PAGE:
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August 19, 2015 1:00 PM EDT

So you started a business. Over the years, you’ve spent countless hours creating a business plan, a website, marketing strategies, paying the taxman, perhaps hiring staff. You’ve been a busy bee, and now you discover you’ll be even busier—you’re pregnant! How will you handle maternity leave and sustain the business you worked so hard to grow? How will you make money? Fear not.

Here, work/life balance experts and fellow mompreneurs share their best tips:

It’s best to prepare for maternity leave in stages, beginning a couple months before the baby arrives, suggests Jennifer Martin, business development and work/life balance expert at Zest Business Consulting. Begin your planning with a “must-do” list. This will ensure you’re organized and caught up as much as possible, Martin says.

1. Two months before maternity leave, hire an assistant and/or prepare staff.

Consider finding a virtual or in-person assistant who can cover for you while you’re away. Martin suggests an assistant site such as Zirtual. This may be particularly helpful for solo entrepreneurs.

Allison Flinn, professional organizer and business owner, hired an independent contractor when she found out she was expecting. “Prior to being pregnant, I worked alone… I had been wanting to hire additional help for awhile, but struggled with giving up control, but expecting a baby forced me to break out of my comfort zone and I’m glad I did. The independent contractor I hired still works with me.”

It’s also important to train your existing team in your absence, says Jennifer Bernheim, president of martinb+company. “As a woman entrepreneur and a mother to (now) three kids (6, 4, and 1), I prepared for ‘maternity leave’ by fully preparing my team of consultants. I spent endless hours providing them with the resources needed to ensure that upcoming client deliverables would be met with success.”

Expectant mothers should also document their process at work for the staff members who will be handling their workload, Martin says.

2. One month before maternity leave, alert clients you’ll be away, and provide an alternate contact.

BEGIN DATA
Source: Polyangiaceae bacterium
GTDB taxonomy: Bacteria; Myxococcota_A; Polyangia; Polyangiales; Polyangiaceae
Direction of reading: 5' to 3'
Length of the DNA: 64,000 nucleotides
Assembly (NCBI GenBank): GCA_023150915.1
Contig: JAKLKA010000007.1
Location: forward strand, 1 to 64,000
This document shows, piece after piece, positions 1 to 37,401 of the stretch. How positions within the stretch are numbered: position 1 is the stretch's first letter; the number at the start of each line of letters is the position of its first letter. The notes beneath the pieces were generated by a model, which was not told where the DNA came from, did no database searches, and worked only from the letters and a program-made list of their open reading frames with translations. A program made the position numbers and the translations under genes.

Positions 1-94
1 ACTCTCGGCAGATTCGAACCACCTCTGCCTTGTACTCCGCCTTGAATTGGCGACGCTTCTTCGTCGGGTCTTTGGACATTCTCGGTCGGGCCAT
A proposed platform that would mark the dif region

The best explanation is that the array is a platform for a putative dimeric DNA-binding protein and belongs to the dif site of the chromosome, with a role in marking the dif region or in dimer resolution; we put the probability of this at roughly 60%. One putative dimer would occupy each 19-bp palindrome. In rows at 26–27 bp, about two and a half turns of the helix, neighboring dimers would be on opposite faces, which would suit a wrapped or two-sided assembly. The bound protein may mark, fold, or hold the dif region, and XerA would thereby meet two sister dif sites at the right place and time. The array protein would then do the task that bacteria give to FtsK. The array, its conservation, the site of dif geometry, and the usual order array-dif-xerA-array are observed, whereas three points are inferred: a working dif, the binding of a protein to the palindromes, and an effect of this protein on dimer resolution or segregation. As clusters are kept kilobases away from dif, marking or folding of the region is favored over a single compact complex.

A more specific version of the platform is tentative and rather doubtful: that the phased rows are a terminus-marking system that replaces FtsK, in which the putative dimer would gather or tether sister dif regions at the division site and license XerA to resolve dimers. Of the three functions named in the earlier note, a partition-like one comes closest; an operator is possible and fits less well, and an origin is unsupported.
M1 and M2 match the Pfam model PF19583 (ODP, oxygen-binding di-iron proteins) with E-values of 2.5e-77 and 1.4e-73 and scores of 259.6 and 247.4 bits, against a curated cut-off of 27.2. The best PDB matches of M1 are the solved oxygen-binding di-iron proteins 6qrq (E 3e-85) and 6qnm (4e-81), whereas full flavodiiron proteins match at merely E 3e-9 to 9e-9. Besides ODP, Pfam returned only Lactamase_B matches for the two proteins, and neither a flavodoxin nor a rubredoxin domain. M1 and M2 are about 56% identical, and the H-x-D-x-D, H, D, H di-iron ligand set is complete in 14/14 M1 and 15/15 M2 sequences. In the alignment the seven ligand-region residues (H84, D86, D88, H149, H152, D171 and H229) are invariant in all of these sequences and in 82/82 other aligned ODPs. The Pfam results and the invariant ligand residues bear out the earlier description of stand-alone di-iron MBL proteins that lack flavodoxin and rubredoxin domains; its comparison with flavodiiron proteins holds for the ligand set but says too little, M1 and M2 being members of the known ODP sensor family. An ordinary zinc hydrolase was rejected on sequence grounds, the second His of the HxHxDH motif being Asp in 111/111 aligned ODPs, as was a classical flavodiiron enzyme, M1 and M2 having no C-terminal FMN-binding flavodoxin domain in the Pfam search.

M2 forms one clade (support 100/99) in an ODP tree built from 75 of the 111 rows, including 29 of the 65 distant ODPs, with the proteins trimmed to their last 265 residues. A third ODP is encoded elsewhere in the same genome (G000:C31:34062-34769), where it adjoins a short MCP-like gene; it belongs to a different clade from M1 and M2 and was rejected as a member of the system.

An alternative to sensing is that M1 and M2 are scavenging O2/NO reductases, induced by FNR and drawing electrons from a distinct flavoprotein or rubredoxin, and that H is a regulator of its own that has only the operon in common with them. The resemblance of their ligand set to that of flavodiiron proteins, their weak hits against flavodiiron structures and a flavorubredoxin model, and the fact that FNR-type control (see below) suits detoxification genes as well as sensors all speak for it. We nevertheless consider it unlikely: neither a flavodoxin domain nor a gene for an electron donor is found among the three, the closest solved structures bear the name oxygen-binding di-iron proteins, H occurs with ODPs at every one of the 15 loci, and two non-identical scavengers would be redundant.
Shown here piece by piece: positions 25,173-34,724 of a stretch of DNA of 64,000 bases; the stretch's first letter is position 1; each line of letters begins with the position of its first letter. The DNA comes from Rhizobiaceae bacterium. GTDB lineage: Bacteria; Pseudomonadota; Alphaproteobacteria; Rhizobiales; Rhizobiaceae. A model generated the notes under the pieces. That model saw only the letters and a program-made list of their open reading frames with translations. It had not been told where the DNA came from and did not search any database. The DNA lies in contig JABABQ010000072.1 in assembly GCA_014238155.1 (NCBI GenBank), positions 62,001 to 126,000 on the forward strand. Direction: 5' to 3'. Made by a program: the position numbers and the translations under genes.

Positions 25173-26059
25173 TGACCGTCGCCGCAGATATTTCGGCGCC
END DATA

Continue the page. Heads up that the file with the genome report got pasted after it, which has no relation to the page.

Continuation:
“Notify clients that you are leaving and will be less accessible, but give them a direct contact to whom they can feel connected in your absence,” says Deborah Sweeney, CEO of “Do not pretend that everything is the same—it’s better to be upfront and give clients an alternative, great contact who can help them.”

It’s important to create guidelines about who may contact you during maternity leave, and what is urgent enough to call or email you about while you’re gone, Martin says. “I call this a ‘must-talk’ list. If the issue isn’t on the list, don’t call,” she says. Also determine when you will be available and what mode of contact you will use (phone, email, text, etc.).

3. Just before you leave for maternity leave, automate whatever you can.

Set up out-of-office alerts on your email account, and change outgoing messages on your phones, Martin says. She also suggests adding a calendar widget like Calendly to your website so clients can self-book appointments for when you return.

Solo entrepreneurs may find it helpful to hire a professional answering service, since they don’t have staff to take phone calls in their absence. “Your clients (or prospective clients) will appreciate a quick, professional phone conversation with a human being,” Martin adds.

4. During maternity leave, find a balance and set realistic expectations.

As an entrepreneur, it’s difficult to temporarily disconnect from the business you worked so hard to create, but it’s all about balance. “I admit that I didn’t totally ‘step away’ during my maternity leave because, in reality, the business is my baby, too,” Bernheim says. “I did greatly reduce my hours and managed from a distance, doing the very best I could in a sleep-deprived state, which included landing two new clients. Like most women business owners, you do what you need to do when you need to do it. [But] I enjoyed plenty of snuggle time with my little one, too.”

Sweeney echoes that sentiment. “As a business owner, I do not feel like you are ever completely on leave. I definitely spent a lot less time in the office and I was less in touch with my team and clients, but I still interacted and stayed abreast of the goings-on of the company.”

Last but certainly not least, Sweeney says, “Don’t overdo it. Trust others to support you—as you have probably done to them.”

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